Introducing Amazon SNS FIFO — First-In-First-Out Pub/Sub Messaging

To achieve exactly-once message delivery some conditions must be met

  • An SQS fifo queue is subscribed to the SNS fifo topic
  • The SQS queue processes the messages and deletes them before the visibility timeout
  • There are no message filtering on the SNS subscription
  • There must be no network disruptions that could prevent message received acknowledgment

All of the conditions can be met by the configurations we make, except for the last one “There must be no network disruptions” which we will take care of in the next section. With some adjustments to our architecture, it should look like Figure 2.

Figure 2: Adding both a FIFO SNS topic & SQS in front of the lambda to handle message deduplication

Below in the code snippet, we’re passing a value to MessageDeduplicationId property that is composed of two values that will always be uniquely combined together.

import SNS from 'aws-sdk/clients/sns';
import { format } from 'date-fnz/fp';

const sns = new SNS({ region: process.env.AWS_REGION });

const xValue = "x_unique_value";
const yValue = "y_unique_value";

await sns.publish({
TopicArn: process.env.MY_FIFO_TOPIC_ARN,
Message: JSON.stringify({ x: xValue, y: yValue}),
MessageDeduplicationId: `${xValue}#${yValue}`,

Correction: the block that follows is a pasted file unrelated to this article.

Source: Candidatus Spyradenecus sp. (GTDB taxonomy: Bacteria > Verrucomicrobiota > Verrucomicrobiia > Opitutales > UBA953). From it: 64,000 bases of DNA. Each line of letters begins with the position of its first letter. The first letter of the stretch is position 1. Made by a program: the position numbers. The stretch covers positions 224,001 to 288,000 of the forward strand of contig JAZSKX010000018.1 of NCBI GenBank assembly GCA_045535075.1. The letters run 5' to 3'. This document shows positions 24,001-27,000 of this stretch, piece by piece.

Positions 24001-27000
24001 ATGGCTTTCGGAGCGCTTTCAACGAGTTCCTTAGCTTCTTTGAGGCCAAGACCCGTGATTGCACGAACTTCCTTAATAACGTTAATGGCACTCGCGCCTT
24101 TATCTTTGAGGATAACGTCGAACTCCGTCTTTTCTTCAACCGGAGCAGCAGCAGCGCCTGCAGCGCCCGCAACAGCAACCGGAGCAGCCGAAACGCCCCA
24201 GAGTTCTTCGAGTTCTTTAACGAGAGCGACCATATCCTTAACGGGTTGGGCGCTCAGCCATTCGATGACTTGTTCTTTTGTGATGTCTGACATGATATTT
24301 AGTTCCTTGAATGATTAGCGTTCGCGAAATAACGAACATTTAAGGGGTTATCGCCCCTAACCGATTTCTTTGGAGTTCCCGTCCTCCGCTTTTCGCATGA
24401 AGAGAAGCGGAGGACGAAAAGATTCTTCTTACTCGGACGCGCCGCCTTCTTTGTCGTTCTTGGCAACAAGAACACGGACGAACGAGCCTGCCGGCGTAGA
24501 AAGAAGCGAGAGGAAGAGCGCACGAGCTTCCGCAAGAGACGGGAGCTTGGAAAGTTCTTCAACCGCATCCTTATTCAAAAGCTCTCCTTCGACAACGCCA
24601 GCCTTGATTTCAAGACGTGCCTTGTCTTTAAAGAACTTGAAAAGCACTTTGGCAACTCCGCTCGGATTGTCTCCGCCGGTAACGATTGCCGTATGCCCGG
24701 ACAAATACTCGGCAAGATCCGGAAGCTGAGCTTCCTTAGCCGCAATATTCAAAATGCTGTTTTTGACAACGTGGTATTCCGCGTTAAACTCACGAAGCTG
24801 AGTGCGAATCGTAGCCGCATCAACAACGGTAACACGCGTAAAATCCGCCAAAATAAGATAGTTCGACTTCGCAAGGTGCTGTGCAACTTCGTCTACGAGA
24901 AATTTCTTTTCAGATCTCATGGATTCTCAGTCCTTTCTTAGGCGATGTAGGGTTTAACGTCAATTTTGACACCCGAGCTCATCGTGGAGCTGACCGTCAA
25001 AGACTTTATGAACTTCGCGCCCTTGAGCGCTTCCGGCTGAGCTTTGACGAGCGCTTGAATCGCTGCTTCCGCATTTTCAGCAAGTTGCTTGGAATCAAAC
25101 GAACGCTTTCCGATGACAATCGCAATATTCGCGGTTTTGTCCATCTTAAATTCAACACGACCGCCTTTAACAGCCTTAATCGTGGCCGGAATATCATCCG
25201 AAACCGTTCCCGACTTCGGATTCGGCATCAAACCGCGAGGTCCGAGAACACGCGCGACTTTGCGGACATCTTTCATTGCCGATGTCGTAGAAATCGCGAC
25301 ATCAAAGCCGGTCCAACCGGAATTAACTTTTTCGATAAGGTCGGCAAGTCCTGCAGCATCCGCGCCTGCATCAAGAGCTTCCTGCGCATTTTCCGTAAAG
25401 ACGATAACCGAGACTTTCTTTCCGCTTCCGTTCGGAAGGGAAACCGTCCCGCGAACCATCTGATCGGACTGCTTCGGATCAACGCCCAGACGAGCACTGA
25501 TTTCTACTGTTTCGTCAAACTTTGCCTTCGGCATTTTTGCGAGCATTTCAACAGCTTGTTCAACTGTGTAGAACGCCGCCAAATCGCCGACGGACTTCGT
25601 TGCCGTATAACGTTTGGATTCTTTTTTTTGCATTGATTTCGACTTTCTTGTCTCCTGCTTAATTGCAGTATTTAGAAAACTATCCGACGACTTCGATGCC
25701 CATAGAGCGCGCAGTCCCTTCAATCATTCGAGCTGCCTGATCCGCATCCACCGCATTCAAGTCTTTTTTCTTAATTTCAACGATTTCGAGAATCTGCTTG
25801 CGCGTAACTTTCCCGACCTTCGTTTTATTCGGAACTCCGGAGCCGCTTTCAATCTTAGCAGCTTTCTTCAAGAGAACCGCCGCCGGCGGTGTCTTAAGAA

}).promise();

Using the serverless framework, the IaC should look something like the following

MyFifoSNSTopic:
Type: AWS::SNS::Topic
Properties:
FifoTopic: true
ContentBasedDeduplication: true
TopicName: MyFifoSNSTopic.fifo

MyFifoSQSQueue:
Type: AWS::SQS::Queue
Properties:
FifoQueue: true
ContentBasedDeduplication: true
QueueName: MyFifoSQSQueue.fifo

MySNSTopicSubscription:
Type: AWS::SNS::Subscription
Properties:
RawMessageDelivery: true
TopicArn:
Ref: MyFifoSNSTopic
Protocol: sqs
Endpoint:
Fn::GetAtt:
- MyFifoSQSQueue
- Arn

MySQSSNSPlicy:
Type: AWS::SQS::QueuePolicy
Properties:
Queues:
- Ref: MyFifoSQSQueue
PolicyDocument:
Version: "2012-10-17"
Statement:
- Action: SQS:SendMessage
Effect: Allow
Principal:
Service: "sns.amazonaws.com"
Resource:
- Fn::GetAtt:
- MyFifoSQSQueue
- Arn
Condition:
ArnEquals:
aws:SourceArn:
Ref: MyFifoSNSTopic

There is a caveat though, and that is the deduplication only happens within a 5 minute interval. Simply put, if the same message (same deduplication ID or message content) has been sent more than once outside a 5-minute window where the a previous has been sent, SNS & SQS won’t deduplicate it for us and will consider it as a unique message that was not sent before. This could also be tackled in the next section.